We find ourselves working harder than ever in the hope that one day we’ll be rewarded or, more likely, out of fear that we will be left behind. This cycle becomes exhausting and depressing as we are left with less time to do the things we want and care about. This talk will discuss these common experiences of ‘precariousness’ in relation to contemporary capitalism.
November 8th 7pm @ CTVR, Dunlop Oriel House, Corner of Fenian Street and Westland Row, Dublin 1
Contemporary capitalism and mental health
In this financial climate it’s not hard to imagine the psychological impact that job loss, lack of opportunities and an increase in government taxes has on the mental health of the nation. Yet the sociologist Emile Durkheim noted that rates of depression and suicide multiply, not only at times of recession, but also at times of increased economic growth. Likewise anxiety disorders increase when the opportunity for employment is vast, just as much as they do when it is low, and in particular among people of high education level.
Durkheim, noted this phenomena in the late 19th century, a time when capitalism centered around the second industrial revolution, the proprietary nature of European imperialism and Taylor’s scientific management approach to production. While the capitalist mode of production has undergone a number of changes since then (most notably the move away from Fordism), it seems that Durkheim’s theories may speak to us about the nature of mental health among contemporary workers. While much emphasis is placed upon the flexible, mobile nature of current labour and the contemporary worker thought to be free from the oppressive temporal and spatial chains of factory life, theorists such as Mark Fisher & Franco Berardi have called attention to how current modes of production drain workers of cognitive and emotional energy and may give rise to a range of mental disorders. This talk by Susan Gill unpacks the issues that Fisher & Berardi are concerned with through a detailed explanation of current labour forms and asks if Durkheim’s idea’s can transfer from their roots in 19th century to explain the aetiologies of mental illness among contemporary workers.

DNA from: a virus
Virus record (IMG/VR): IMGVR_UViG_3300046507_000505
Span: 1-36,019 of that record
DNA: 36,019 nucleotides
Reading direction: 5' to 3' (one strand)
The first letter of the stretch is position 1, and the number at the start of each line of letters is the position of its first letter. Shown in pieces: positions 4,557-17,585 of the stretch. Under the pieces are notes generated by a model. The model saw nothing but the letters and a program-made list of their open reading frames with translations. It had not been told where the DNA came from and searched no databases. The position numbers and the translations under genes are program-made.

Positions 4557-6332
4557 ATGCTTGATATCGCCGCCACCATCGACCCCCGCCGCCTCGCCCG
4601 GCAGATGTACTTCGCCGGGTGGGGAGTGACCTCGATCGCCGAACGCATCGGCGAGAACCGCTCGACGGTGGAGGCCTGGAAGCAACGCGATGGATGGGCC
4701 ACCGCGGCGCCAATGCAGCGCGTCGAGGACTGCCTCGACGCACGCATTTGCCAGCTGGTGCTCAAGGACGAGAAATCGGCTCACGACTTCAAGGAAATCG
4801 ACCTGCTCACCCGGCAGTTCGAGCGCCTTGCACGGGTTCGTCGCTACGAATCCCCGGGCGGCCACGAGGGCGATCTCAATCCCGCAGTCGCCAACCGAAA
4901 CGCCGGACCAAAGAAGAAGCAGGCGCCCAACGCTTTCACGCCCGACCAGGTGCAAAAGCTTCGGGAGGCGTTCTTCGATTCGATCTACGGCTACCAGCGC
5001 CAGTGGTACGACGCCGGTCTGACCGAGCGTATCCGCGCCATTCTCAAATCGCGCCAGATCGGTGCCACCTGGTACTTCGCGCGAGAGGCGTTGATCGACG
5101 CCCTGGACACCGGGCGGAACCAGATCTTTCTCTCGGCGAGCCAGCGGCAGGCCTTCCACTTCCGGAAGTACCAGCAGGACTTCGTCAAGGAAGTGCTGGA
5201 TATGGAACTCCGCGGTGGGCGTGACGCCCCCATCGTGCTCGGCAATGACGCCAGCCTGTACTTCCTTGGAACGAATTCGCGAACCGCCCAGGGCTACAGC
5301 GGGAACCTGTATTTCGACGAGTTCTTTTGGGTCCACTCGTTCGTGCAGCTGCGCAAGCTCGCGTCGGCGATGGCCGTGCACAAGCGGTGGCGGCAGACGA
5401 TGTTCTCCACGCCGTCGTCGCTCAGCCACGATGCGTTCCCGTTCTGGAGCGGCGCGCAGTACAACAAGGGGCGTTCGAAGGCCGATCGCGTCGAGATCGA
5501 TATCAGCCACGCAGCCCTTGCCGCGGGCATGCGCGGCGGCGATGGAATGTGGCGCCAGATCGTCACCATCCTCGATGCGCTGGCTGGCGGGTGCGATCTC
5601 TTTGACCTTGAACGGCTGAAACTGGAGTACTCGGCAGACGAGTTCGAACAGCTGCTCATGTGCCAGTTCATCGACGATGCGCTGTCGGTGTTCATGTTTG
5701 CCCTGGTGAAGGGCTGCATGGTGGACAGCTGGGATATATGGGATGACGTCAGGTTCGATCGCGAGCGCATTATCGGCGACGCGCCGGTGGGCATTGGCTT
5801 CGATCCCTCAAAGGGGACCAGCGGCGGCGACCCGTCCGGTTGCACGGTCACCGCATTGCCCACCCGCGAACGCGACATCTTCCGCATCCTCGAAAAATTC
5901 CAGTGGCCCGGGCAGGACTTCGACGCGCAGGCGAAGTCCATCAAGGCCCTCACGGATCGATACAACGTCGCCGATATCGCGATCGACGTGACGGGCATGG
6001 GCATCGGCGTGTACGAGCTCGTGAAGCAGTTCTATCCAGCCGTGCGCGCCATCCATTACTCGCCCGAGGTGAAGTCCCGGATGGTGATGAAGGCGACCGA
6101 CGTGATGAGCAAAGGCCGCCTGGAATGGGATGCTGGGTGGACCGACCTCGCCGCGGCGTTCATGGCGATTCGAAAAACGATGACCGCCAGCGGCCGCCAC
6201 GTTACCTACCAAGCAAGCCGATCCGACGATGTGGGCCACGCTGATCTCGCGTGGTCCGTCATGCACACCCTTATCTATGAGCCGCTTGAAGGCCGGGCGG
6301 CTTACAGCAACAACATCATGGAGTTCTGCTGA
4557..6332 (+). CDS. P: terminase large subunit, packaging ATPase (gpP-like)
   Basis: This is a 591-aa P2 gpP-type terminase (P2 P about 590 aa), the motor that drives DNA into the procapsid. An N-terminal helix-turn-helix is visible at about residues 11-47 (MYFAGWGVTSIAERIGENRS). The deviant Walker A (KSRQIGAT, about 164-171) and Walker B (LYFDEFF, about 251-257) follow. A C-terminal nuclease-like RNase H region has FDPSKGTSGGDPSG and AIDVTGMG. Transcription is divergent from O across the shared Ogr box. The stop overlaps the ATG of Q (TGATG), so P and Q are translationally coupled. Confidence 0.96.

November 22nd 7pm @ CTVR, Dunlop Oriel House, Corner of Fenian Street and Westland Row, Dublin 1
The new commons or the new enclosures?
In recent years, notions of ‘the commons’ and associated practices such as sharing, grassroots collectives, gift economies and peer production have really come to the fore. This is partly the result of a reinvigoration of social cooperation in online spaces and partly the product of attempts by social movements and critical thinking to formulate alternative courses of action for the management of resources, for cooperative decision-making and for collective production.
Today, more so than ever, ‘the commons’ has become a difficult issue. We’re frequently led to believe that concepts such as ‘open’ and ‘free’ are by nature non-market and that the commons, because it stands opposed to property and operates outside of traditional labour/wage relations, is in some way diametrically opposed to capitalism. But is this really the case? Today we’re seeing a growing centrality of different forms of the commons to contemporary capitalism. Examples include the role of cultural-artistic activities in gentrification, the primacy of open source platforms and user-generated content to the information economy and the enclosure of forms of shared and local knowledge by corporations and institutions.
It seems like the traditional distinctions of socialism vs. capitalism or private property vs. the commons are no longer adequate to apprehend this system. In contemporary capitalism we need to rethink ‘the commons’, not as some abstract equality, but as a conflictive terrain. This talk explores how forms of the commons are enclosed today and how value continues to be extracted outside of traditional wage and property relations.